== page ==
President Zuma, his deputy Kgalema Motlanthe and Health Minister Dr Aaron Motsoaledi will launch the much-awaited HIV Counselling and Testing (HCT) campaign at Natalspruit Hospital, in Katlehong, on Gauteng’s East Rand.
‘This is the largest campaign on HIV counselling and testing in the history of the AIDS epidemic, not only in South Africa, but in the history of the AIDS epidemic in the world’¦ It’s a day that we have waited very long for’, said Mark Heywood, Deputy Chairperson of the South African National AIDS Council (SANAC), which will lead the campaign.
The HCT campaign seeks to have 15 million South Africans tested for HIV over a one year period starting today. Its long-term objectives are four-fold. They are to mobilize people to know their HIV status; to create greater HIV prevention awareness; to cultivate a health-seeking behaviour amongst people; and to increase access to AIDS treatment, care and support services.
Heywood singled out the importance of the media in making this effort a success.
‘We’re going to put particular reliance on the media because this campaign, we believe, can save millions of lives, can prevent millions of infections and can better many people’s lives. But to do that we need everybody to understand what it is that we are embarking upon and to give us a chance to succeed in this very, very significant national effort’, he said.
For the first time South Africans are being vigorously called on to find out their HIV status, and senior government leaders and politicians are at the forefront of the campaign.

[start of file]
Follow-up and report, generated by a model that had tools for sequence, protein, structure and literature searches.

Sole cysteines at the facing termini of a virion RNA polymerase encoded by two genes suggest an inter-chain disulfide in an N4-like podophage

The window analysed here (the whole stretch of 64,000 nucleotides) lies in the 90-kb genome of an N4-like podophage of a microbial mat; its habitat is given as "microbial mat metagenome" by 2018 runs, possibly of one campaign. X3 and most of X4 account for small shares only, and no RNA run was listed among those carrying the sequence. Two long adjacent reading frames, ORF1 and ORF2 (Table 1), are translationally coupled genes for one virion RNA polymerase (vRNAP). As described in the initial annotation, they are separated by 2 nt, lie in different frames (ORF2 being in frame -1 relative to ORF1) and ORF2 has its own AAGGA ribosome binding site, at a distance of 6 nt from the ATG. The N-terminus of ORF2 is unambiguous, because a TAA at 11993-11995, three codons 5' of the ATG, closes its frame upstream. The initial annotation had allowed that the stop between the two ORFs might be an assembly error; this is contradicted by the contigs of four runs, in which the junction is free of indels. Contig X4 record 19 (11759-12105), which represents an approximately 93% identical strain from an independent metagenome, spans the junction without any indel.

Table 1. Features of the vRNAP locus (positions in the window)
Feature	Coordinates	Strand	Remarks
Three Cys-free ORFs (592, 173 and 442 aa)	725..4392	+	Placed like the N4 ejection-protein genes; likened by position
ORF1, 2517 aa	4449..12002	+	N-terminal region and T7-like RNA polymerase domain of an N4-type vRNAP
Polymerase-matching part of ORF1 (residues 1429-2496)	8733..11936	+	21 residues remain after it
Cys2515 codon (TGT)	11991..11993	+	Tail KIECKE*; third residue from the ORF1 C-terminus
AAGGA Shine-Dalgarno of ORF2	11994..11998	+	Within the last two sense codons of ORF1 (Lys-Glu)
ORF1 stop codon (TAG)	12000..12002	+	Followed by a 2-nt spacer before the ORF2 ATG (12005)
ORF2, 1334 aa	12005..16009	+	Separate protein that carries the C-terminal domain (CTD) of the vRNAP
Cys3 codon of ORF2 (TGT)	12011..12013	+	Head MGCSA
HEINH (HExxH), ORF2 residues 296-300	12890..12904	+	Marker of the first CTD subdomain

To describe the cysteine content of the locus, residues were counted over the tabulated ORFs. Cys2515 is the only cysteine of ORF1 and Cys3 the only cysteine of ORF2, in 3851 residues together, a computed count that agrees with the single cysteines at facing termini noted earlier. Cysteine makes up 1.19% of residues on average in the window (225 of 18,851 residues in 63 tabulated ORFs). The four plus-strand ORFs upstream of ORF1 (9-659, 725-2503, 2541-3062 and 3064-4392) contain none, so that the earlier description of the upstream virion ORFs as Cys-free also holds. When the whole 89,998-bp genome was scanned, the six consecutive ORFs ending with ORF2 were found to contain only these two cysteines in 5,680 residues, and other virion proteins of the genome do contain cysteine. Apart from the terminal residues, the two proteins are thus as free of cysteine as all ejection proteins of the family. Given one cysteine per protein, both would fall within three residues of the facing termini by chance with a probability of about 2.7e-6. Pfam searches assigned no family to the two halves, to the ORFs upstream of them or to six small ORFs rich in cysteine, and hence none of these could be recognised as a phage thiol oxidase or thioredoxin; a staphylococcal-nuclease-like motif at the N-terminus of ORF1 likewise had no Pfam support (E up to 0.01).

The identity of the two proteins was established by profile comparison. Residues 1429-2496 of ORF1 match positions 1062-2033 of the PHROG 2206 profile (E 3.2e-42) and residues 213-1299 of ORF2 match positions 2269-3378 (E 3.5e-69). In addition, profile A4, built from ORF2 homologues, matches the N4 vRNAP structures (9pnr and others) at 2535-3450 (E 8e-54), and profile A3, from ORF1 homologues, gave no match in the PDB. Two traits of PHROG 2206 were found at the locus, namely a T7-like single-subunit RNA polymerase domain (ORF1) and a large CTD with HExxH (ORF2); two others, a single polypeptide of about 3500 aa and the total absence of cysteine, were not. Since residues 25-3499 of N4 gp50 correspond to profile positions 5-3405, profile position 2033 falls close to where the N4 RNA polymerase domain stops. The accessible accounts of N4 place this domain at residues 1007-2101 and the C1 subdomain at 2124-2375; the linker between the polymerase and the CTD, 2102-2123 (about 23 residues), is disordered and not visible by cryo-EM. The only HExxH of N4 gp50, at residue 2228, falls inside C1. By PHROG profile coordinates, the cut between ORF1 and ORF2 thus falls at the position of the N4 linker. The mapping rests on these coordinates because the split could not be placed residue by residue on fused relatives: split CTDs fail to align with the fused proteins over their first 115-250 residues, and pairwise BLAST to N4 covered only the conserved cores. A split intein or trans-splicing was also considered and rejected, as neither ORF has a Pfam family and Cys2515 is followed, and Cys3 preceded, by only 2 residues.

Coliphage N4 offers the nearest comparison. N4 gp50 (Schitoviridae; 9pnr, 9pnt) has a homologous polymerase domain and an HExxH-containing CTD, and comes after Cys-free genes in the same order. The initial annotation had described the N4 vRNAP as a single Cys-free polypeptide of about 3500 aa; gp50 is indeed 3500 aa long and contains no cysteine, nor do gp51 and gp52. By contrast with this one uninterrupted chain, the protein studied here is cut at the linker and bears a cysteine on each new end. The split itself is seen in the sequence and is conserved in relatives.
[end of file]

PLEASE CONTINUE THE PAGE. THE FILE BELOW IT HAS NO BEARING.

But in calling for 15 million South Africans, including politicians, to take the HIV test Health Minister Dr Aaron Motsoaledi maintains that the decision to disclose one’s HIV status is a personal one.
‘We haven’t taken a decision to push anybody, whether it’s a politician or a leader or a celebrity to disclose their status and we want to keep it that way. I believe that the stage will come in South Africa where we’ll disclose willingly and all that. Disclose to your beloved ones next to you for support. That one we’ll keep on encouraging even during the counseling’, Motsoaledi said.
Deputy Chairperson of the South African National AIDS Council, Mary Heywood, cautioned that the road ahead of the campaign will not be easy. He called on all South Africans to support this national effort.
‘As SANAC we would appeal to people to look at this campaign and not pre-determine its failure, but, if you see gaps and if you see weaknesses, to help us to fill those gaps and to fill those weaknesses because this has never been done before. So, the first time we spot a problem let’s not use the problem to pull this thing down because we need people to have confidence and to have conviction in this as we go forward’, he said.